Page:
Entrepreneurs - Think About Community Investment

The megaphone is set to high and many people, myself included, have been speaking out about ownership, an important key to the success of black folks. Equally relevant is the need for black businesses in the very neighborhoods we are desperately trying to escape. Take a walk or drive through some of the most economically depressed areas and you will inevitably see a significant number of people of color. And, although the neighborhood may be impoverished that does not necessarily mean there aren't viable businesses that are making money. You still find rental properties, gas stations, convenience stores, restaurants, beauty suppliers and others servicing that community. However, it is a rarity for those business owners to live in that neighborhood or look like the clientele they serve. These businesses are usually family run. Therefore job opportunities are limited, if present at all, and the profits generated will be spent elsewhere. Having an understanding of this matters because the dollars that we spend in these establishments do not circulate within our communities. We need to be more intentional as consumers, in regards to where we spend our money.

Why is Community so Important?

I have written once or twice about the TV show The Jeffersons. What I loved about the show was the fact that a black family - even with all the outrageous antics - was depicted as stable, loving and prosperous. However, it did little to reinforce the importance of community. The rise of the Jeffersons to "a deluxe apartment" was told in snippets over the years. From sharecropper (George's father) in Alabama to a derelict section of Harlem and then a middle-class neighborhood. It was from there that The Jeffersons moved to the east side of Manhatten. The greater their success, the further away The Jeffersons were from people of color. Success or "making it" was synonymous with getting out.  

Today, if we were to survey folks living in some impoverished areas, I believe a large number of individuals would express the desire to get away from the neighborhood, at least in its current condition as the embodiment of struggling, crime, and lack of opportunity. But, new challenges can arise when we move away from our communities. We lose the connection to those that understand us best. The importance of our shared history, empathy for those still struggling and personal relationships are also often lost when we move away. There is another factor at work, the re-identification of self to more closely aligned to the new environment and people. In other words, we can lose touch, not just with others, but also ourselves. However, this does not have to be an either-or proposition. You can be successful and still make a positive impact in your community.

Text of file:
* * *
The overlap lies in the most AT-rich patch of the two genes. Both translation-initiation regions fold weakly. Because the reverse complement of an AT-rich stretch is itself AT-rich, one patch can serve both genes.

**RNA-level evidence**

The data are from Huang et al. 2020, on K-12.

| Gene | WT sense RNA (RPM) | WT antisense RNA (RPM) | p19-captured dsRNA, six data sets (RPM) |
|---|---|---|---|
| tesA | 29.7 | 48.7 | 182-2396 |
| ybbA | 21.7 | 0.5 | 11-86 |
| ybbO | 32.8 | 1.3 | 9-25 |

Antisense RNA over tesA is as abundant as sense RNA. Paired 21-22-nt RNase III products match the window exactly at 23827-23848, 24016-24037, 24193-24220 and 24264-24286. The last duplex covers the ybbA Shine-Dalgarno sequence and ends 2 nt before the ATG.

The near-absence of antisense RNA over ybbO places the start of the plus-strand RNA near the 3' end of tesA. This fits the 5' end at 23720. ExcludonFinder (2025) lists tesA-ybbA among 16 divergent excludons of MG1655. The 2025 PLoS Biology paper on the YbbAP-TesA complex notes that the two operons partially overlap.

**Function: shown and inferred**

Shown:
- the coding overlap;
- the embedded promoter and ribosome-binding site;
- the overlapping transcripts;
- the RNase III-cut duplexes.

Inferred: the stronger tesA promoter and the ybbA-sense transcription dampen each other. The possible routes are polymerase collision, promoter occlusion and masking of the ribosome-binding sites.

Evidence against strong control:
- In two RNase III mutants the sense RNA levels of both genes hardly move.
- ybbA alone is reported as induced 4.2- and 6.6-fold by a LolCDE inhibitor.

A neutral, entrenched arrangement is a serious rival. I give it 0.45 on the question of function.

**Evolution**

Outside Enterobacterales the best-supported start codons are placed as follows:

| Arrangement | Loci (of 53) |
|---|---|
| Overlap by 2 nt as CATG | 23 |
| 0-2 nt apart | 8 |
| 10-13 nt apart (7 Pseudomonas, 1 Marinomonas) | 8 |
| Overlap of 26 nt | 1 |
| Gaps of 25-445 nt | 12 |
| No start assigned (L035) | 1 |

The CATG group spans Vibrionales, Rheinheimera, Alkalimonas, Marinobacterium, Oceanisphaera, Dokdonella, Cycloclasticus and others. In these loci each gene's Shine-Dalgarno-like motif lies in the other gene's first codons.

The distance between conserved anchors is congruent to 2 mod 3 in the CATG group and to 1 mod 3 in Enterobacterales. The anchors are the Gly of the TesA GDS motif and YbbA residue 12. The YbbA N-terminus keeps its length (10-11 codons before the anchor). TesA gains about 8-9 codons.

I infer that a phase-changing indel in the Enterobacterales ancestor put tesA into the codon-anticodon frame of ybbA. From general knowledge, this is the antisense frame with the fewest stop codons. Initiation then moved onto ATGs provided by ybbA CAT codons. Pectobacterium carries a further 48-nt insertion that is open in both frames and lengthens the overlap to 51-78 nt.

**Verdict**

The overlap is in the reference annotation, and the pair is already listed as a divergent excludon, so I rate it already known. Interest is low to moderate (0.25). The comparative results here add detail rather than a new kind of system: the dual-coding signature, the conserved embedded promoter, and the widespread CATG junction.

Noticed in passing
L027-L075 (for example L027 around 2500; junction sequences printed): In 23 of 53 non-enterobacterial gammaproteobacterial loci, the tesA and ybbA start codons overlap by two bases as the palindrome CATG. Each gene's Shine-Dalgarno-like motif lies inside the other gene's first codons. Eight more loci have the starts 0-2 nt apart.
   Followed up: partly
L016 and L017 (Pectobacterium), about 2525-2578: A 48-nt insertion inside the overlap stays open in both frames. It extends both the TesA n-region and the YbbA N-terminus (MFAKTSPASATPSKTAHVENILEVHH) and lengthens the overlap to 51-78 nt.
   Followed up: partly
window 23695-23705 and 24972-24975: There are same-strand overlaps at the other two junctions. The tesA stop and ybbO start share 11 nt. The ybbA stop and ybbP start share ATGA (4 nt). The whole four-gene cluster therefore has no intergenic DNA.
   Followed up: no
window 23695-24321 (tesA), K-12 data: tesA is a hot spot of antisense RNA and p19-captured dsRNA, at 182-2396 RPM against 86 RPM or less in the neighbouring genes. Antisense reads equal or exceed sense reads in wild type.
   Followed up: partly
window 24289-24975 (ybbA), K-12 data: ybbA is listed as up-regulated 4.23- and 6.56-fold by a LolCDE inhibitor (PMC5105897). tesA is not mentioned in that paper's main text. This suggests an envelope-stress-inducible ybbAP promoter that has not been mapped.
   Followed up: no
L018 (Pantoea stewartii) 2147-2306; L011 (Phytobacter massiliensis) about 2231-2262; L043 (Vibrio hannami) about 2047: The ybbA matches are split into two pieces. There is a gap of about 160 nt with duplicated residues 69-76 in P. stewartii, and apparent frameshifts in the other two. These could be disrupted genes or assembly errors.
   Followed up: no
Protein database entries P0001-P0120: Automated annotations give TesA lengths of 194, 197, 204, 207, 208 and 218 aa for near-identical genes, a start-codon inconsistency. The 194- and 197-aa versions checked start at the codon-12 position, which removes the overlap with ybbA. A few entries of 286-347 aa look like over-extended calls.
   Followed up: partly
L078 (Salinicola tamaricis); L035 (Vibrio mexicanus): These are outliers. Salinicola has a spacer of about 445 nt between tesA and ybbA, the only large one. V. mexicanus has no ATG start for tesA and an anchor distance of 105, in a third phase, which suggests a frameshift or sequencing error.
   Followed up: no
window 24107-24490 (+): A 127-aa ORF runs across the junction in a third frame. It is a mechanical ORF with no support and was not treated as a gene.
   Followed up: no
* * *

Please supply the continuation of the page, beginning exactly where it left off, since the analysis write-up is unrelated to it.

The story of Ermias Asghedom, a.k.a. Nipsey Hussle is unique among most young men regarding his commitment to his neighborhood, and it is refreshing to see. Ermias is a rapper, record label owner, and the community business owner of The Marathon Clothing, whose flagship store is located in Crenshaw, California. Looking at Ermias today, by all accounts he is successful. He proudly recalls the days spent in his community and a time when black business owners were present in the area. Ermias, along with his brother (and business partner) are doing more than reminiscing about the past; they are invested in their community and increasing the profile of black ownership in Crenshaw. Looking for more inspirational stories check out the blog for BlackBusiness.org 

You Can Make a Difference

Okay, family, you may not be ready to open your business just yet, but certainly, you and I can support local black-owned businesses as well as those on the internet. Check out Support Black Owned (SBO) a self-described, free Black and African American owned business directory and blog filled with thousands of Black, Moorish, and African American owned businesses, and members spread all over the world. Sites like BlackBusiness and SBO are sharing our stories and highlighting businesses so that we can engage with each other. And, I believe the message of connection is catching on, but until it takes root in our collective consciousness and our communities establish significantly more black businesses, I will continue to speak on it.